Trial of elderly Rwanda genocide suspect opens at UN court
THE HAGUE (AP):
A frail 87-year-old Rwandan accused of encouraging and bankrolling the country’s 1994 genocide boycotted the opening of his trial at a United Nations tribunal on Thursday, nearly three decades after the 100-day massacre left 800,000 dead.
Félicien Kabuga is one of the last fugitives charged over the genocide to face justice. Even without him in court, the start of his trial marks a key day of reckoning for Rwandans who survived the killings or whose families were murdered.
Presiding Judge Iain Bonomy said the proceedings could start without Kabuga, who did not attend amid a dispute over his legal representation.
The court’s chief prosecutor, Serge Brammertz, said Kabuga’s no-show was “a strategic decision”. Brammertz said that throughout preparations for trial, “he had a lawyer, very competent lawyer representing him. So as far as we are concerned, the proceedings are absolutely guaranteed”.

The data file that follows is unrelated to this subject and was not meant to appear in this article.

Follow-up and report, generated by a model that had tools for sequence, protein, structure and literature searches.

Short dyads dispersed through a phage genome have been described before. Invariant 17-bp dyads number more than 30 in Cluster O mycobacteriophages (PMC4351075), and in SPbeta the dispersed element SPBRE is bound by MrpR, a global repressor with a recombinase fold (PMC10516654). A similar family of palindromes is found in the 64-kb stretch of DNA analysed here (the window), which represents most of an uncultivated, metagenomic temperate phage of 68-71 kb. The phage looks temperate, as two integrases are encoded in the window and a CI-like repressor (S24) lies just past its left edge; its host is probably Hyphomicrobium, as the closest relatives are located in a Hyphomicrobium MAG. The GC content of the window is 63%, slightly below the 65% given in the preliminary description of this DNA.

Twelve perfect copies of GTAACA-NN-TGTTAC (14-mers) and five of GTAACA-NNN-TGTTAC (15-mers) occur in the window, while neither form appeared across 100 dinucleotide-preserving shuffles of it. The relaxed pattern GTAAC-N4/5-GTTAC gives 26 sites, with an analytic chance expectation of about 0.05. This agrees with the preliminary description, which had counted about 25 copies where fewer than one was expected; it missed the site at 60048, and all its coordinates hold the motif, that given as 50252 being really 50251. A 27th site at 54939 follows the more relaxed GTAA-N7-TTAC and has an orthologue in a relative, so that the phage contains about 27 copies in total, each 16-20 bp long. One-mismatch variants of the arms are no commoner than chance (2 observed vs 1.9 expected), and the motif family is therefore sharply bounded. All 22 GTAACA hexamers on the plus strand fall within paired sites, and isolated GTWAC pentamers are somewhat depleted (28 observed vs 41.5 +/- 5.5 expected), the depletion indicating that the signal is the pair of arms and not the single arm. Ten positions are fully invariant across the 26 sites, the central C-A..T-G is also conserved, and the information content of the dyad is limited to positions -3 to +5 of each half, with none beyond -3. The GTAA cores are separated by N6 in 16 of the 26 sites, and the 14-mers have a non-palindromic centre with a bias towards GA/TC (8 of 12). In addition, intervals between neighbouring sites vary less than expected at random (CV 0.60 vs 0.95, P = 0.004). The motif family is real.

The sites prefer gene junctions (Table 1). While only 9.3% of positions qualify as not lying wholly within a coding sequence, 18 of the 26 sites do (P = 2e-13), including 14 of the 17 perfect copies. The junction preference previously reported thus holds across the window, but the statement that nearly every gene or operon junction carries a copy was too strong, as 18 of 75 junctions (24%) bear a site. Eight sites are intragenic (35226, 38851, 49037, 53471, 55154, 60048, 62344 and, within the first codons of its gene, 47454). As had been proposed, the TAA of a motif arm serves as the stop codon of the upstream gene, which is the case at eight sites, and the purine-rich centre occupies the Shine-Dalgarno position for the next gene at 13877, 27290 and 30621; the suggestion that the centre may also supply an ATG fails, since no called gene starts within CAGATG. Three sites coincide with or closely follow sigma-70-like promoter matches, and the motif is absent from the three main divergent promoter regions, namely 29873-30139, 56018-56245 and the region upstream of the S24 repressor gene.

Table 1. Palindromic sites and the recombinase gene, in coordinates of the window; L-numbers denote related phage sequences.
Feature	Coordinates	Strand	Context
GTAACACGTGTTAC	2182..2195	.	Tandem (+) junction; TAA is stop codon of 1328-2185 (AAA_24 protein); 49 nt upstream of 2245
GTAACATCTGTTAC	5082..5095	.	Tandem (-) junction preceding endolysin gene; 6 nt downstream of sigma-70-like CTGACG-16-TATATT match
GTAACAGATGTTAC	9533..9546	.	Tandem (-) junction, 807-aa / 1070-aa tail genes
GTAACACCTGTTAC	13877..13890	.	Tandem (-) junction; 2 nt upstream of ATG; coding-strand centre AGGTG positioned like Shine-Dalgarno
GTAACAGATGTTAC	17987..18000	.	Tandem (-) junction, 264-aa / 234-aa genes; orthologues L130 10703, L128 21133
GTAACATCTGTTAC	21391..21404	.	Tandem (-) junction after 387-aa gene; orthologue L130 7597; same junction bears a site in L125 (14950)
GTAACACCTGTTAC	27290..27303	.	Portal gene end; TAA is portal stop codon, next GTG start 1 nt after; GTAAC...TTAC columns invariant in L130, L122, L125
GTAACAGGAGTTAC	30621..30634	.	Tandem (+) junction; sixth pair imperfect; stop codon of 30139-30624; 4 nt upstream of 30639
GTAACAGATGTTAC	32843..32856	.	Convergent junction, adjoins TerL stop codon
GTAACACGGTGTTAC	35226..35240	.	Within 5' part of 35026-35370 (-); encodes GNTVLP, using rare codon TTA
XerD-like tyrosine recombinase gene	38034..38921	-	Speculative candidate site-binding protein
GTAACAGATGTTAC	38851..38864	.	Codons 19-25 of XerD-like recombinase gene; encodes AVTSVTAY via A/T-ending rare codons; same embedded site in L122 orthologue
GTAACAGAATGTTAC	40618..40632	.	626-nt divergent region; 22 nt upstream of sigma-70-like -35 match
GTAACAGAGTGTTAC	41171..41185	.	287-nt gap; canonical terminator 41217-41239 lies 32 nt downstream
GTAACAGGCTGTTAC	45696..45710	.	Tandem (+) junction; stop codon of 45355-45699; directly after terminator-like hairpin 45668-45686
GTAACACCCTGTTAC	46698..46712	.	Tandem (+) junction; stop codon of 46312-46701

The mass killing of Rwanda’s Tutsi minority was triggered on April 6, 1994, when a plane carrying President Juvénal Habyarimana was shot down and crashed in the capital, Kigali, killing the leader who, like the majority of Rwandans, was an ethnic Hutu. Kabuga’s daughter married Habyarimana’s son.
The Tutsi minority was blamed for downing the plane. Bands of Hutu extremists began slaughtering Tutsis and their perceived supporters, with help from the army, police, and militias.